David Korten’s presentation to the Summit on the Future of Corporations, Faneuil Hall, Boston MA, November 13, 2007.
It is fitting that we hold this conversation on the future of the corporation in historic Faneuil Hall, the Cradle of Liberty. Deliberations in this very room more than 200 years ago were the first step on a long walk away from a king named George that launched a new nation and led ultimately to the end of monarchy. May the success of our forbears inspire us in our deliberations on the future of the private-benefit corporation.
The Big Picture
I recall my business school professors many years ago calling us to look at the big picture to identify the systemic cause of whatever immediate problem symptom captured our attention. We would do well to apply this wisdom as we look ahead to the role of the private-benefit corporation in a profoundly troubled 21st century. We must identify the deep systemic causes of the social and environmental crises unfolding all around us—no matter how troubling the resulting conclusions may be. Here is the big picture in brief outline.
- Consumption: Growth in human consumption resulting from a combination of population growth and growth in consumption per capita is depleting the natural life support system of the planet, disrupting hydrology and climate systems, and threatening human survival.
- Inequality: Unconscionable and growing concentration of financial power in a world engaged in an ever more intense competition for a declining base of material wealth is eroding the social fabric to the point of widespread social breakdown.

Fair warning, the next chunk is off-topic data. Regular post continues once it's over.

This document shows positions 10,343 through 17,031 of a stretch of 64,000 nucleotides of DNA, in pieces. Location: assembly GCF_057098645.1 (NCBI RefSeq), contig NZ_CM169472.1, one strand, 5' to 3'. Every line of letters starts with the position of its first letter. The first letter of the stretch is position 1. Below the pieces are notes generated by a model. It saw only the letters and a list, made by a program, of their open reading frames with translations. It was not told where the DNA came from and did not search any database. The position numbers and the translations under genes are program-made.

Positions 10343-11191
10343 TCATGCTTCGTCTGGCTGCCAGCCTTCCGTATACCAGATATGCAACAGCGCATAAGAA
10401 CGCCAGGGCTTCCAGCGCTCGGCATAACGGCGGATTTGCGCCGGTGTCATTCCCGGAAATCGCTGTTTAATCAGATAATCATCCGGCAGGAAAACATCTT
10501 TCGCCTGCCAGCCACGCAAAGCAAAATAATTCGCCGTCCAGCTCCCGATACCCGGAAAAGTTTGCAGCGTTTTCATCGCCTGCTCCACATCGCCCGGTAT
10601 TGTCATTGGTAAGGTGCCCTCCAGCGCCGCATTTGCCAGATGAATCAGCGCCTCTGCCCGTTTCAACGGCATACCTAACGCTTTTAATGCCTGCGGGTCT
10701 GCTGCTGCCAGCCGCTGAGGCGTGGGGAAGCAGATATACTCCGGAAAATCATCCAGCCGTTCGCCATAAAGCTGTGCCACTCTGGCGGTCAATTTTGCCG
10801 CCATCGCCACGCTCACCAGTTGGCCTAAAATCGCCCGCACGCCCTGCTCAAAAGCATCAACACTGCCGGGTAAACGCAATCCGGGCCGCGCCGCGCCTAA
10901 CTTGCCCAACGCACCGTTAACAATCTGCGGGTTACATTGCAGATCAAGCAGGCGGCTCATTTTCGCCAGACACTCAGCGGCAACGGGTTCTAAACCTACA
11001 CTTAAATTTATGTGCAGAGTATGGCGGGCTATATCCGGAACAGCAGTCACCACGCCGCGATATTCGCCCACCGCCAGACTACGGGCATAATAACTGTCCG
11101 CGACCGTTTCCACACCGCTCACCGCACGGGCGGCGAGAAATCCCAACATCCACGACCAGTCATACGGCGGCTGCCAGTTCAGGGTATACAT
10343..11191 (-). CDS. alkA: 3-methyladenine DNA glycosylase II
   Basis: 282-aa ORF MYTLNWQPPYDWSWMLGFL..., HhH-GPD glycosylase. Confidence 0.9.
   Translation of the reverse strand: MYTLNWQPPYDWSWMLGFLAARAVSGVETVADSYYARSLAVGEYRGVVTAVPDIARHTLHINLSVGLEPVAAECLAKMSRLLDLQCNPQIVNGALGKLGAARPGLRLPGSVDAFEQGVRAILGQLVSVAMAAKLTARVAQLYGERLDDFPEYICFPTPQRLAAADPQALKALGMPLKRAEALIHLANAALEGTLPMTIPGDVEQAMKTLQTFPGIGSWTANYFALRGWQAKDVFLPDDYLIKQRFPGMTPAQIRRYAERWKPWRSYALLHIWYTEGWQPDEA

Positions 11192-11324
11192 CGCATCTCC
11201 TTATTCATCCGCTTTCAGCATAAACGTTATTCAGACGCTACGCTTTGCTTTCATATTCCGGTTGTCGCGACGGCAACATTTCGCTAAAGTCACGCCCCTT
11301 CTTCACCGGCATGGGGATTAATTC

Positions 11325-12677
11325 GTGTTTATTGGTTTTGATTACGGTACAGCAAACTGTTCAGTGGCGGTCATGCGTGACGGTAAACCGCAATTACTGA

- Institutional Pathology: The most powerful institutions on the planet, global financial markets and the transnational corporations that serve them, are dedicated to growing consumption and inequality. They convert real capital into financial capital to increase the relative economic power of those who live by money, while depressing the wages of those who produce real value through their labor. They offer palliatives that leave the deeper cause of our potentially terminal environmental and social crises untouched, because they are the cause.
Our future depends on a dramatic cultural and institutional transformation to reduce aggregate consumption and achieve an equitable distribution of economic power.It requires an epic institutional transformation to:
- Reduce aggregate human consumption.
- Redistribute financial power from rich to poor to achieve an equitable distribution of Earth’s life-sustaining wealth.
- Increase economic efficiency by reallocating material resources from harmful to beneficial uses. Examples include reallocation from military to health care and environmental rejuvenation, from automobiles to public transportation, from suburban sprawl to compact communities, from conversion to reclamation of forest and agricultural land, from advertising to education, and from global financial speculation to investment in self-reliant local economies.
- Invest in the regeneration of the living human, social, and natural capital that is the foundation of all real wealth. This requires reversing the current process of converting the real wealth of living capital into the fictitious wealth of financial capital and accepting the resulting negative returns to financial capital. It may take us awhile to recognize that just as increasing financial capital at the expense of living capital makes us collectively poorer, increasing living capital at the expense of financial capital makes us collectively richer.